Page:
Following the completion of my undergraduate studies this spring, I was inspired to revisit the essay I hastily wrote for admission to Columbia when I decided to leave the New York City Ballet in 2011. I feel reading it now much as I do when I watch old videos of myself dancing: embarrassed, slightly detached, and convinced that it was better experienced live. But also, despite these insecurities, glad I gave it the old college try. The essay was originally composed on December 2, 2011. It is slightly edited for length as presented here but otherwise untouched.
First, a few items worth consideration:
1) From 2012-2015, I occupied four more positions within the New York City Ballet and associated organizations, including those of instructor and manager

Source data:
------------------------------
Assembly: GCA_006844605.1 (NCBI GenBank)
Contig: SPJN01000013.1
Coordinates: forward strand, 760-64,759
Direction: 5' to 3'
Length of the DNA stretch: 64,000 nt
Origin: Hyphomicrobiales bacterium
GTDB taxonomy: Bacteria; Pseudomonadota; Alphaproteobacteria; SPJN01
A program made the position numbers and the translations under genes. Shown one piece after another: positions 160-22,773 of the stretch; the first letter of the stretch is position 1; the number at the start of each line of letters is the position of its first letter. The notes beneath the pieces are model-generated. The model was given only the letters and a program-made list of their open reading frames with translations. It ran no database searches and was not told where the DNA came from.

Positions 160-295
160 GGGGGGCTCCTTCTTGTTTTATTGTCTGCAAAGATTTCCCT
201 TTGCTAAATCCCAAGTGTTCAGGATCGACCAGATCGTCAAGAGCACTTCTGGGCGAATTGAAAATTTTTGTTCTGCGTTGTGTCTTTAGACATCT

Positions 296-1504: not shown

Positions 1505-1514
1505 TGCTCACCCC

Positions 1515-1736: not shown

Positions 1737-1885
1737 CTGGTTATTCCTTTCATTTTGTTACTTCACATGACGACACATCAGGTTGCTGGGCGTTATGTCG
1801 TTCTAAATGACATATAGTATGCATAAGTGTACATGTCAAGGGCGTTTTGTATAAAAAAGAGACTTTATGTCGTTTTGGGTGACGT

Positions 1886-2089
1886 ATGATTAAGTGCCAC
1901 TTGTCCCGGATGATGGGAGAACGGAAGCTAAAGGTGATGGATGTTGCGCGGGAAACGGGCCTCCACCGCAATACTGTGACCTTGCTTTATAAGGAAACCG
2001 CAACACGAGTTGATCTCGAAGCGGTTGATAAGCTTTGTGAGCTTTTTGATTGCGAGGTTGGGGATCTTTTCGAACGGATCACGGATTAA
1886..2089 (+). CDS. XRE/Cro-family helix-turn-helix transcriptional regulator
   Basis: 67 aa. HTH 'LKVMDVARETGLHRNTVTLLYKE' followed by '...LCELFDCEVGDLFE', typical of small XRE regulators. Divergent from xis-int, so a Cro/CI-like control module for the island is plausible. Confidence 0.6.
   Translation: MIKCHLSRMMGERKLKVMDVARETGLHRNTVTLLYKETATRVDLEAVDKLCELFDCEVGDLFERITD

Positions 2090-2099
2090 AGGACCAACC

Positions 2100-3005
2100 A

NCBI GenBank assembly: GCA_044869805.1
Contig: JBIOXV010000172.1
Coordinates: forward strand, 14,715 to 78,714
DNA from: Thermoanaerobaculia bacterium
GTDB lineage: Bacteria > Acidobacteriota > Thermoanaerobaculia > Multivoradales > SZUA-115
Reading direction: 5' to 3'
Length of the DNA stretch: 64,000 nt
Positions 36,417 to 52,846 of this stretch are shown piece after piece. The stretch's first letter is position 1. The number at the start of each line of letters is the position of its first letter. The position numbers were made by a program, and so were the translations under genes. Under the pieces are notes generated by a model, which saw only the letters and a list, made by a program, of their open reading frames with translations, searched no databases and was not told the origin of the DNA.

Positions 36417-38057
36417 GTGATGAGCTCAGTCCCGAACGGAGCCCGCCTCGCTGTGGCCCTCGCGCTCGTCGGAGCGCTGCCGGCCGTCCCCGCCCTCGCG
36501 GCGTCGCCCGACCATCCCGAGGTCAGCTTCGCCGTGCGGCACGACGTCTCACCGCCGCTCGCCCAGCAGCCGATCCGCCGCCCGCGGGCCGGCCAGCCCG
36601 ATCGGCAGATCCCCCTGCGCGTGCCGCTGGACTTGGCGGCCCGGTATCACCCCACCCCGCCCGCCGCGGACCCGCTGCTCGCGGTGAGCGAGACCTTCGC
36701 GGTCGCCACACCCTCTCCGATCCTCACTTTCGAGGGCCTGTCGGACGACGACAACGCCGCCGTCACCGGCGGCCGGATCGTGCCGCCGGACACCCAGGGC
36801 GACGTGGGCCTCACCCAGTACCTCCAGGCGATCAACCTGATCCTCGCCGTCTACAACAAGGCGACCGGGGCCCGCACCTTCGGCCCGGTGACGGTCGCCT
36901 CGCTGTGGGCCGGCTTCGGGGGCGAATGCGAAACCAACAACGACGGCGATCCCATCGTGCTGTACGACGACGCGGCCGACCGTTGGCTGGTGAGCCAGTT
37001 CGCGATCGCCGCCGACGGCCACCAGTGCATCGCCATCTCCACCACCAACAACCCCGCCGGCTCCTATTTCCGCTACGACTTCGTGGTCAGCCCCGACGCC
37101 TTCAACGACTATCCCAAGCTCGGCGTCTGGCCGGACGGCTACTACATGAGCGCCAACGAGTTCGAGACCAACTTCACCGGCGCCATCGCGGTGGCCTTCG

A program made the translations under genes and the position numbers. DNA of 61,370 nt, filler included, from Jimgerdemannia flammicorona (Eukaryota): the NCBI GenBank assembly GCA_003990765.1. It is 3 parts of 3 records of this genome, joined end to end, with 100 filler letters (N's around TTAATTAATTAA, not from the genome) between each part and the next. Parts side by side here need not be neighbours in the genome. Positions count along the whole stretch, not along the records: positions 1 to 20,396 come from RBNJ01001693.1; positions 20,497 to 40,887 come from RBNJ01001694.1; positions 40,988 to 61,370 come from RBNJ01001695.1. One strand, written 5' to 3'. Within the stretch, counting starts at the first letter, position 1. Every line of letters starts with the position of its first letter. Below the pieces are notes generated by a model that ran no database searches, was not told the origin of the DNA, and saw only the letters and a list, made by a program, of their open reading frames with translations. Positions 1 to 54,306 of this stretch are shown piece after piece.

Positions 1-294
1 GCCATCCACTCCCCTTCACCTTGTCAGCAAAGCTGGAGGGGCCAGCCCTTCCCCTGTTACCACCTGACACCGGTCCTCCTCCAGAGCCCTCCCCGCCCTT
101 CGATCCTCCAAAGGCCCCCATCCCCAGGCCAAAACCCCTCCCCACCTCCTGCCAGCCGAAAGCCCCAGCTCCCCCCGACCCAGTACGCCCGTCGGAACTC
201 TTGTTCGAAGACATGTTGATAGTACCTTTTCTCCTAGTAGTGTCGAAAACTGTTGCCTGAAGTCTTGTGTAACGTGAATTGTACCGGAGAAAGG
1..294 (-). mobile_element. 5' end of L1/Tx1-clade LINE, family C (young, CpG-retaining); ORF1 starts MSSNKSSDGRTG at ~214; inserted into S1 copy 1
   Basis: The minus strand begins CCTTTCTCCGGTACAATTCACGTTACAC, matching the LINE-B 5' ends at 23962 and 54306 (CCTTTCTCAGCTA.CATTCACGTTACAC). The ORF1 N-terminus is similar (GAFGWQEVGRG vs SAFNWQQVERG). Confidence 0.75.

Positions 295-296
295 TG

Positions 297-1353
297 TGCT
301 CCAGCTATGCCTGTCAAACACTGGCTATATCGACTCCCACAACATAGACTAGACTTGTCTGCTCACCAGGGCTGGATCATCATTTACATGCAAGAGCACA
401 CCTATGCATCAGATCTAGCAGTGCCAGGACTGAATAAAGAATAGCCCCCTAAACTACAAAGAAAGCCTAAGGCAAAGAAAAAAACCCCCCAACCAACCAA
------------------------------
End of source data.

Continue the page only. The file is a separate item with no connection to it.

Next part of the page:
2) At the time I wrote the essay, I was applying for readmission to Columbia following academic probation (administered after I neglected to show up for a molecular biology class for an entire semester) and a brief stint at Fordham University
3) During my time at Columbia, I changed my course of study three times, from Neuroscience/Premed to English to, finally, Psychology.
And, more importantly, I’ve included one very special memory that immediately resurfaced when I first reread the essay -- right after Albert Evans passed away.